And He (Jesus) withdrew from them about a stone's throw, and knelt down and prayed, saying, "Father, if You are willing, remove this cup from Me. Nevertheless, not My will, but Yours, be done" (Luke 22:41-42).
Read Luke 22:41-42.
Jesus doesn't go far from His disciples, about as far as one can throw a stone. Matthew and Mark tell us He brings along three disciples: Peter, James, and John. After strongly encouraging them to keep watch with Him and pray, He withdraws a few paces. This is a burden they cannot share. He has to face it alone with His Father, but still it comforts Him to know they are listening and praying for Him.
Jews normally stood in prayer, but Jesus kneels down, showing tremendous humility, coupled with the weight of the grief bearing down on Him. Immediately, He cries out in pain and distress. Surely, His three closest disciples hear and join in fervent prayer. He pleads with His Father to remove the cup-the physical suffering, the abuse, the pain-but more than anything, the prospect of coming under the wrath of God for the sins of the world. Yet He immediately surrenders His will to His Father, "Nevertheless, not My will, but Yours, be done."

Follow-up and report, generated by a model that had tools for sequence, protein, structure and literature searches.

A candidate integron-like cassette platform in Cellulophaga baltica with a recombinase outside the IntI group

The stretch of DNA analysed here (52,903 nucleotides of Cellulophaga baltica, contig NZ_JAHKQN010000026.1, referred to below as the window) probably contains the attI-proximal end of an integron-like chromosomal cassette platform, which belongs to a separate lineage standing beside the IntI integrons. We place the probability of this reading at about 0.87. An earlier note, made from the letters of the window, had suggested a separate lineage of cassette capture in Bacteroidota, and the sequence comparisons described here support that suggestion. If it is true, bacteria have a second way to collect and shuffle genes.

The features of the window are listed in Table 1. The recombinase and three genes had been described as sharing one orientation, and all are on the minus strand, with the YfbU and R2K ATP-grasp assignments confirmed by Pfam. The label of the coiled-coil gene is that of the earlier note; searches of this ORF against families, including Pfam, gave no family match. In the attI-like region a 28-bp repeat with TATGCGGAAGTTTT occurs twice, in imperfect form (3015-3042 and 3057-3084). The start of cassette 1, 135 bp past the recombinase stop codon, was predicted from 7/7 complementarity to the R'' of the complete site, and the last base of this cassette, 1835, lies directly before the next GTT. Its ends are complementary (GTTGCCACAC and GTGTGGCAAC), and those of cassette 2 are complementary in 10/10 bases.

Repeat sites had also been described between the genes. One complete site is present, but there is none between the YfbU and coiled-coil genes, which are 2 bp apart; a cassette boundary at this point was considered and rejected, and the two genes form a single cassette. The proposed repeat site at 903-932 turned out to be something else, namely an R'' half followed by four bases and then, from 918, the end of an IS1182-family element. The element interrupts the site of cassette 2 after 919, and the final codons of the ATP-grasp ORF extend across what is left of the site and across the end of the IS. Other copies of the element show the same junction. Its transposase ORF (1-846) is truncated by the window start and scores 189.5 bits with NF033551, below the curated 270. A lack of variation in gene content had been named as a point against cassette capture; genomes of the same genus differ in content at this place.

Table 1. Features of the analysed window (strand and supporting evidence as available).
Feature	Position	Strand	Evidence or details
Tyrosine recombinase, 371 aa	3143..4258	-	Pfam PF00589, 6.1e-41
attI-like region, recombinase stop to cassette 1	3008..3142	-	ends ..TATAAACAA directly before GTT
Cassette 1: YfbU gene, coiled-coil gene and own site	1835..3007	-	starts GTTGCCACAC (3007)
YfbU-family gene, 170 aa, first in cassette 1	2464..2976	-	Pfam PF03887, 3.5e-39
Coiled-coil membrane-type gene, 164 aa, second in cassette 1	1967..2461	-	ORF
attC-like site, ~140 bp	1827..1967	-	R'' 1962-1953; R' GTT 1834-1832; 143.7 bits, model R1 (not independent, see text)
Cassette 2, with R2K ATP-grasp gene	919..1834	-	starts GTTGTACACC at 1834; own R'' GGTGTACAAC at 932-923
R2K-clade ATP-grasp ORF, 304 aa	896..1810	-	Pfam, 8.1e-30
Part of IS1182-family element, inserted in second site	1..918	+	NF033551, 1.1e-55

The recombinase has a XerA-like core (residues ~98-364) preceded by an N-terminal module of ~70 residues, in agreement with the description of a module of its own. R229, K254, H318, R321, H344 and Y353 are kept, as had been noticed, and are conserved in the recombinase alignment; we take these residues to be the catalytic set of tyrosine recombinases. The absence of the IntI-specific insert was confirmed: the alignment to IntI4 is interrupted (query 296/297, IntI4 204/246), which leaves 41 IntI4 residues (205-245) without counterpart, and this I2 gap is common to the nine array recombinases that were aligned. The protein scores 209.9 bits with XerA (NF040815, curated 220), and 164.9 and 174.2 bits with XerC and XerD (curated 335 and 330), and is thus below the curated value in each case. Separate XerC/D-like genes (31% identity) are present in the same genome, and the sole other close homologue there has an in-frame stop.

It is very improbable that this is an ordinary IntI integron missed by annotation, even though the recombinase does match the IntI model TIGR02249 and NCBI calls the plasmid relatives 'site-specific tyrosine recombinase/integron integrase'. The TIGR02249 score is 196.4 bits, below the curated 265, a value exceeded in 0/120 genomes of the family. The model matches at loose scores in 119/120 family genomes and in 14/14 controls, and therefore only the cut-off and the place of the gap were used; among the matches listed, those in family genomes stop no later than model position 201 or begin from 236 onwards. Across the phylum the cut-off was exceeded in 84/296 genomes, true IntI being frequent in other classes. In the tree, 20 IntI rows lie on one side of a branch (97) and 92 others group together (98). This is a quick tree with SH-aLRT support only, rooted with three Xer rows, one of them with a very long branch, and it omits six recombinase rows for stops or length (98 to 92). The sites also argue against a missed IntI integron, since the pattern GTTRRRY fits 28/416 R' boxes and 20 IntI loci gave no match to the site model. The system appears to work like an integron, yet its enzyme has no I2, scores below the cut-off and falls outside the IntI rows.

He isn't afraid of death-but dreads the thought of being cut off, forsaken by His Father, and suffering the terrible wrath of God. Yet He casts aside His own desire, His own will, and in genuine love for His Father, accepts God's perfect plan as His own.
In our hours of greatest need our prayers often focus on ourselves-but notice how Jesus focuses instead on His Father and what He wants. Again, Jesus casts His own needs and interests aside, embracing His Father's will-and our desperate need.
THE PRAYER: Lord Jesus, in awe and holy fear we listen as You lay Your heart bare before Your Father. Teach us so to pray. Amen.
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